- Improvement in availability of external finance and banks’ willingness to provide credit
- Increase in turnover but also higher production costs, particularly for materials and energy
- Macroeconomic environment no longer perceived by firms as an impediment to accessing external finance
For the period from April to September 2021, small and medium-sized enterprises (SMEs) in the euro area reported an increase in turnover in net terms, reflecting the rebound in economic activity since the start of the coronavirus (COVID-19) pandemic (Chart 1). On balance, they nonetheless continued to report lower profits as a result of increases in other costs (materials and energy) and labour costs. In net terms, 71% of euro area SMEs reported a rise in the cost of materials and energy, which is the highest percentage since the start of the survey in 2009. At the same time, 43% indicated that labour costs had gone up, which is still a smaller percentage than in the period just before the pandemic. In this survey round, SMEs signalled a net increase (11%) in their fixed investment across all countries and size classes. In the coming months, they expect the economic recovery to continue. In net terms, 36% foresee an increase in turnover over the next six months, which is a higher percentage than in the last survey round.
As in the past, the main concern for SMEs in terms of their business activity was the difficulty in finding skilled labour, followed by the difficulty in finding customers. Concerns about access to finance declined further in the euro area as a whole (7%), with SMEs signalling further improvements in the availability of bank loans. SMEs’ external financing gap – the difference between the change in demand for and the change in the availability of external financing – fell into negative territory, as it was before the pandemic, both for the euro area as a whole (-2%, down from 4%) and for most euro area countries. The percentage of SMEs expecting an improvement in the availability of most external financing sources in the coming months was similar to that in 2019.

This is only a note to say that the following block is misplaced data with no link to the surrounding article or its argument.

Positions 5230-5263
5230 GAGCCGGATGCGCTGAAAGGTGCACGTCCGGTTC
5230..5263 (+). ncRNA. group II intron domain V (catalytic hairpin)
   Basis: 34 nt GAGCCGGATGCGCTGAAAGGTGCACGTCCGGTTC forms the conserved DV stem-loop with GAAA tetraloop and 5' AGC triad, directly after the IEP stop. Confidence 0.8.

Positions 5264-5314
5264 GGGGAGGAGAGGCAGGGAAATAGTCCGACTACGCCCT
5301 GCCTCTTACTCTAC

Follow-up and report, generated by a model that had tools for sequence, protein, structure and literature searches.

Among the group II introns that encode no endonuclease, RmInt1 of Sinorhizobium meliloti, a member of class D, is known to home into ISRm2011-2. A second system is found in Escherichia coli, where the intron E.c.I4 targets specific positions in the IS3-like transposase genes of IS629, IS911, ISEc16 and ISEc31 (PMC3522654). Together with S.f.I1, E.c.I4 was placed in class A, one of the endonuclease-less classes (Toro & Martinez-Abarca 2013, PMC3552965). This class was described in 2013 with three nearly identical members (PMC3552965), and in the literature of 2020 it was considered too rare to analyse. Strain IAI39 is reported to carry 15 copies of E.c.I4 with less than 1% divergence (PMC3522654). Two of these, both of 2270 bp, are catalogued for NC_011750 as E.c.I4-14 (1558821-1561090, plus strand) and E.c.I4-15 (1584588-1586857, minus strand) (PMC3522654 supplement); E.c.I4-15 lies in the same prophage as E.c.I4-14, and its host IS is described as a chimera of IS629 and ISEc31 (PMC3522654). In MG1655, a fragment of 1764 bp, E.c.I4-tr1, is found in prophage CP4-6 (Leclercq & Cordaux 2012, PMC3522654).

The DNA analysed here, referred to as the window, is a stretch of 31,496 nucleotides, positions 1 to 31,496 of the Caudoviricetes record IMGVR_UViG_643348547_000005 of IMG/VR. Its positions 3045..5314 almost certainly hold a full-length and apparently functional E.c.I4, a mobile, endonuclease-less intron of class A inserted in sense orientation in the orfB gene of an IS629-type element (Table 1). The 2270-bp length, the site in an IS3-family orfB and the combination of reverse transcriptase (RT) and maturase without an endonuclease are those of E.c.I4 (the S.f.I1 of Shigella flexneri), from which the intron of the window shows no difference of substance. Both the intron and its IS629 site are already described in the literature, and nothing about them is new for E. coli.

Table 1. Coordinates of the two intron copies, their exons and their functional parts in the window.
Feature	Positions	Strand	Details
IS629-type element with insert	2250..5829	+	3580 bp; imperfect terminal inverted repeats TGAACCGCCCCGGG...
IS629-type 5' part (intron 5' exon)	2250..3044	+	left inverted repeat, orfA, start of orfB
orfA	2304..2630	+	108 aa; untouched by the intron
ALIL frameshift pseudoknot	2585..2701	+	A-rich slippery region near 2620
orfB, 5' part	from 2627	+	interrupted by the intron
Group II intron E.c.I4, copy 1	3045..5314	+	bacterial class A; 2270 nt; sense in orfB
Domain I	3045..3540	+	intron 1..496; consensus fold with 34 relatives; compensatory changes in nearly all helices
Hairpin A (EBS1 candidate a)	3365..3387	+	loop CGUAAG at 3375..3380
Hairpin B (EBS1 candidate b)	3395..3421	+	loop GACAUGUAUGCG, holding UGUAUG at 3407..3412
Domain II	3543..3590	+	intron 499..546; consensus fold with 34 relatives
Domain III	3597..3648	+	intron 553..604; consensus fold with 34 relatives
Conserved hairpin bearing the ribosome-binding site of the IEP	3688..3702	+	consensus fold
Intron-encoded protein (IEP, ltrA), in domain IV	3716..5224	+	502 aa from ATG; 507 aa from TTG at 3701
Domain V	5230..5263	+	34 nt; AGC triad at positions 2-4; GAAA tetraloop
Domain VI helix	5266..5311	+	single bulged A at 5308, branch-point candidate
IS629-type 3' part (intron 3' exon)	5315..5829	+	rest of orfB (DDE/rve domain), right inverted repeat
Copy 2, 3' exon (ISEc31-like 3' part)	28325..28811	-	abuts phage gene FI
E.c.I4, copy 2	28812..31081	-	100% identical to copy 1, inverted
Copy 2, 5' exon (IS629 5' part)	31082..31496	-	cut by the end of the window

In this survey round, a larger net percentage of SMEs perceived an improvement in banks’ willingness to provide credit (11%). The improvements were reported across most countries and all size classes. In addition, euro area SMEs no longer perceived the general economic outlook as an impediment to their access to finance (0%) (Chart 2). Finally, they continued to see public financial support as a factor making a moderate contribution to their access to finance, with higher percentages among micro and small firms.
This report presents the main results of the 25th round of the Survey on the Access to Finance of Enterprises (SAFE) in the euro area, which was conducted between 6 September and 15 October 2021 and covered the period from April to September 2021. The sample comprised 10,493 enterprises in the euro area, of which 9,554 (91%) were SMEs (i.e. firms with fewer than 250 employees).
 Net percentages are defined here as the difference between the percentage of enterprises reporting that something has increased and the percentage reporting that it has declined.